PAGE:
Flötenuhren commonly consisted of one or two small ranks of flute pipes, generally at either 4’ or 2’ pitch. Larger examples might also have ranks at 8’ pitch, and even small reeds. The valves beneath the pipes were actuated by a rotating wooden barrel driven by the pull of gravity on a series of weights. Raised pins or wooden pegs on the barrels opened valves, releasing air from the bellows to the respective pipes as the barrel rotated. Flötenuhren were commonly used in conjunction with the barrel organ, so it would play automatically on the hour, or every 30 minutes.
Today, many of the historic examples of Flötenuhren are found in specialist museums across the world. Two of the most prominent such museums in Europe include the Deutsches Uhrenmuseum in Furtwangen, Bavaria, Germany, which contains many Spieluhren and more than 8,000 examples of timepieces from across the world, and the Speelklok Museum in Utrecht, the Netherlands, which contains one of the world’s largest collections of self-playing musical instruments.
The following three musical examples demonstrate the immense variety that can be found in these wonderful miniatures. They are simple, colorful and vibrant, and really capture the essence of the Classical period. The first, by C.P.E. Bach, is short and delicate, revolving around the key of C major:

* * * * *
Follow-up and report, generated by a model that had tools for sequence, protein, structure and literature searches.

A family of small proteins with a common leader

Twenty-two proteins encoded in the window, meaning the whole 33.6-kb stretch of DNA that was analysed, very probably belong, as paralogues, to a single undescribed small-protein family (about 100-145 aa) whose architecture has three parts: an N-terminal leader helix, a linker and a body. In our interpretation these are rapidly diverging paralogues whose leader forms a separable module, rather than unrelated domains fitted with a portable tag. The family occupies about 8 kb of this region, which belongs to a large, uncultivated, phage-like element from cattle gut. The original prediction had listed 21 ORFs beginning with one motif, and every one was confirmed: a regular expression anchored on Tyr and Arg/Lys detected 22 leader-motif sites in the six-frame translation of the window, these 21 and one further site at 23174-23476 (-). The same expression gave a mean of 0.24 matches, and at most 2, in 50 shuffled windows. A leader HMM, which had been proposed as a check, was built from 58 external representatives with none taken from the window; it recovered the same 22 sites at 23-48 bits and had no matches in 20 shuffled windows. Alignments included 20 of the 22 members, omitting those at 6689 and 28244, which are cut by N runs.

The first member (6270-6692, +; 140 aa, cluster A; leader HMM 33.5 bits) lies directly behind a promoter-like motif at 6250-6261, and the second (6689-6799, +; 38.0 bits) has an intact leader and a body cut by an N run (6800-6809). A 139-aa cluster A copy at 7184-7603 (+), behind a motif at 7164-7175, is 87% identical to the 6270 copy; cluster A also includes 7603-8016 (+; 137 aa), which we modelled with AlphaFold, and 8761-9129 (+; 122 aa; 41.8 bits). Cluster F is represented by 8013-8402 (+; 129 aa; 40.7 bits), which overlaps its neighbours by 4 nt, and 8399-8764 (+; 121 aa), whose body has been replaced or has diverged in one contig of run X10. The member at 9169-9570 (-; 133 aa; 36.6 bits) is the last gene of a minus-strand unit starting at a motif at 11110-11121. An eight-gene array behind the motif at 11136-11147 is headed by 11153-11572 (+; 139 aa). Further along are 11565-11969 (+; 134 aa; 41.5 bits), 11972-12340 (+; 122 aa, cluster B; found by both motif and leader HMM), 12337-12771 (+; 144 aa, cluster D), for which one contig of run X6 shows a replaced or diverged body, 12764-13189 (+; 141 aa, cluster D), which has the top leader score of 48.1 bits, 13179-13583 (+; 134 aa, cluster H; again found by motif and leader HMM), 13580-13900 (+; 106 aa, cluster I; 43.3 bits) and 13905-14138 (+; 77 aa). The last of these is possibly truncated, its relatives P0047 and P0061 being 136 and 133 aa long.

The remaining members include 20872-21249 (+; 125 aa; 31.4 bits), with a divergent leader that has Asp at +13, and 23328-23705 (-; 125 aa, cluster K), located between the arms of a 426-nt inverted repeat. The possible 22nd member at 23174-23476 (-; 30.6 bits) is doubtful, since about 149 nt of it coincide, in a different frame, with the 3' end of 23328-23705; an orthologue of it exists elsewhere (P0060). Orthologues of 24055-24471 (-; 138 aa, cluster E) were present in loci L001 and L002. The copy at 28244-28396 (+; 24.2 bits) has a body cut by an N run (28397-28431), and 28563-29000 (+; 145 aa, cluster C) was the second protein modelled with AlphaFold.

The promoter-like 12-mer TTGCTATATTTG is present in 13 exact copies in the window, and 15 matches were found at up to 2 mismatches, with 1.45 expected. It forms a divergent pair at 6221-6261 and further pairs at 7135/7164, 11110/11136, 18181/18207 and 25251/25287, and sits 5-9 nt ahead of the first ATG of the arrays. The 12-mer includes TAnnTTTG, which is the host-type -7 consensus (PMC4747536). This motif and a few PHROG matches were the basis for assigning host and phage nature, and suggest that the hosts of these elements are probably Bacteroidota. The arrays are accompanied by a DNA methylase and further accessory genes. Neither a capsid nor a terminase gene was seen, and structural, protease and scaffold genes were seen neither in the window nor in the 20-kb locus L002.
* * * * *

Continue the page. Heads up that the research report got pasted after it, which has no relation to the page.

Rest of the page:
Carl Philipp Emanuel Bach: Piece for Musical Clock in C Major, Wq 193/1 (H 635/1), performed by Richard Brasier on the 2010 Hartwig und Tilmann Späth organ at St. Michaelis in Hamburg, Germany.
The second is an Allegro by Beethoven in G major:
Ludwig van Beethoven: Allegro in G Major, WoO 33a/3, performed by Richard Brasier on the 2003 Kenneth Tickell organ at St. Laurence Parish Church in Upminster, England.
The third is a recording of a piece by Haydn, which has kindly been provided by the Speelklok Museum in Utrecht, taken from an eighteenth century Flötenuhr, which contained a pin barrel that had been worked on by the Bohemian clockmaker Joseph Niemecz, and Haydn himself. Niemecz was not only a maker of mechanical instruments, but was also a viol player. He was ordained as a priest in 1776, taking the name of Father Primitivus, and in 1780 he was appointed librarian to Prince Nikolaus Esterházy, whilst also taking additional duties as viol player in the orchestra under the direction of Haydn. The barrel used to make this recording is an exact copy of the original, which has naturally suffered from wear and tear over the centuries. Although recorded using modern equipment, this example offers an opportunity to hear a performance of Haydn’s music which he personally approved: